October Music study

  1. (20 pt.) Watch this video: what did you know about traditional America Blues? Leonard Bernstein discusses the blues, but for this portion of Music Study, focus only from timestamp (counter number) 18:17 (eighteen minutes and 17 seconds) to 22:33. Answer this: Write at a minimum 200-word review of specific terms and examples delivered by Bernstein.

World Music has a great deal to do with people’s traditional folk music, (not commercialized) folk music.

  1. (20 pt.) Bernstein discusses: Folk Music in the Concert Hall: Start the video from the beginning and end at timestamp 21:29. Write 100+ words discussing what you gleaned from his lecture demonstration about folk music and its influences on classical music composers.
  2. (15 pt.) you have just finished listening to Carlos Chavez, Sinfonia India, from the Bernstein lecture. Now take a look and listen to the Carlos Chavez Sinfonia India full score: See what this piece looks like to the conductor after the composer, Chavez wrote it. Note there are numerous meter changes, beats per measure. What are some possible events that you have never understood or even thought about when it comes to symphonic-type music?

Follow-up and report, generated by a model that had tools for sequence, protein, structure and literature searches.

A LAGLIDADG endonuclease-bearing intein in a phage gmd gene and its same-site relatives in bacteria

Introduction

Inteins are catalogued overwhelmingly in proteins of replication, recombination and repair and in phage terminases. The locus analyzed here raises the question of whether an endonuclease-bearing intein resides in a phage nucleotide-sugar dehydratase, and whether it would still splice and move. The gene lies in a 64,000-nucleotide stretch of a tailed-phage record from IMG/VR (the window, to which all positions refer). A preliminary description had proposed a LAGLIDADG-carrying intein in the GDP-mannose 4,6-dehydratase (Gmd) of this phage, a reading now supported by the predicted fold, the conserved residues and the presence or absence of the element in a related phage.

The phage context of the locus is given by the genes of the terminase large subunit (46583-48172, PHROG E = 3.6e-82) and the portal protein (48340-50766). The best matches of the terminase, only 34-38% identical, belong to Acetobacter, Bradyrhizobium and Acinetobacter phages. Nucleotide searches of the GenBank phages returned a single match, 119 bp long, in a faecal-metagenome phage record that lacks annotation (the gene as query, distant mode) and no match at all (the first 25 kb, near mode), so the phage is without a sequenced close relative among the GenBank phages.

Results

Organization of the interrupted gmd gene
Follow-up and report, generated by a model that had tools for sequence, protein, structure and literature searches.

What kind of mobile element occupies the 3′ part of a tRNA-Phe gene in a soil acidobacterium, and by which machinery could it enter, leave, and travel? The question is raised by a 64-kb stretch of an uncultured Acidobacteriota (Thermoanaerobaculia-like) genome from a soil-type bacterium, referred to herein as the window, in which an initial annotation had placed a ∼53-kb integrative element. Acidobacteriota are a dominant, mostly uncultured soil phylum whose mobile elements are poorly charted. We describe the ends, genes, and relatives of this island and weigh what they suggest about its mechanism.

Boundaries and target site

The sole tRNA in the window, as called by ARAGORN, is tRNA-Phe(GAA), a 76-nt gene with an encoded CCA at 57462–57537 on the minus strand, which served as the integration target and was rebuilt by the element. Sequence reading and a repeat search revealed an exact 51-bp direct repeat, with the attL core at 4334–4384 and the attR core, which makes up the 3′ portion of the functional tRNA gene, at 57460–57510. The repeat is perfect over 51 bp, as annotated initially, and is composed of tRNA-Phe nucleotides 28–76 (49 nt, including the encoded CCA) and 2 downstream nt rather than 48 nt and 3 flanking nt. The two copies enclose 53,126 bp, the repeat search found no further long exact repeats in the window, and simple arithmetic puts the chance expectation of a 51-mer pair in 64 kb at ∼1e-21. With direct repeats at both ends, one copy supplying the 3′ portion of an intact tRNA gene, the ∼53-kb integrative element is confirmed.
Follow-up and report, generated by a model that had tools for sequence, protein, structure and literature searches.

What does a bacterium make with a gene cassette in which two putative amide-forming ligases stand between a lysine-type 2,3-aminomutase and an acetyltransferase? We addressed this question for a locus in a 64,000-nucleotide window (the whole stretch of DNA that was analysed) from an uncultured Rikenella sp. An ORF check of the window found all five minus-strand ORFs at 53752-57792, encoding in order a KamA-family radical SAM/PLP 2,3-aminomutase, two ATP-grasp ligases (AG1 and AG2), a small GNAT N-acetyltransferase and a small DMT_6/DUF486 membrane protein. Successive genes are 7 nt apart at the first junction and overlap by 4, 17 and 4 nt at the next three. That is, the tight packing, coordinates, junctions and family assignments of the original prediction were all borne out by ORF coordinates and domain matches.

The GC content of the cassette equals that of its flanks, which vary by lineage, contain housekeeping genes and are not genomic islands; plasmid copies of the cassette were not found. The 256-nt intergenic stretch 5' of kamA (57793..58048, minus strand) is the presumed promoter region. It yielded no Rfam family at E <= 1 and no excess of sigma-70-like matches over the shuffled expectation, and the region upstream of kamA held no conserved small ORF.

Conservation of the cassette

3. (20 pt.) Composer is Lopéz: América salvaje

Listen and work through sections that are quite typically Latin American. Use at least four timestamps representing parts from the entire video. Identify using timestamps where and why you believe they represent Latin American classical music based on folk music. Think rhythm, instrumentation, especially percussion instruments dances, and a dead giveaway at the beginning of the video. You may wish to do a little research. I’m looking for effort!

  1. (25 pt.)

More folk music in symphonic music: Mother Lode Suite: composed by your teacher Max Simoncic in 1957. Accept my apologies for the bad recording. It was done on a small recording machine in 1957. Keep in mind that I was only 12 and just beginning to write orchestral music. The other recordings on this assignment were done professionally by top-notch orchestras and the composers were mature. If you wish, I can upload one of my more recent and “professional” compositions.

Ask yourself; is classical music for and by the privileged? Read the footnote.

A footnote: Most composers began writing music during their childhood. Mozart began composing at age 4 and Beethoven at age 7. Many composers came from poverty-stricken families or lower class. The myth that composers came from privileged rich people is an absurd fallacy. I spent many years, during my youth in the USA, dumpster diving and working seasonal farm labor work to help my parents.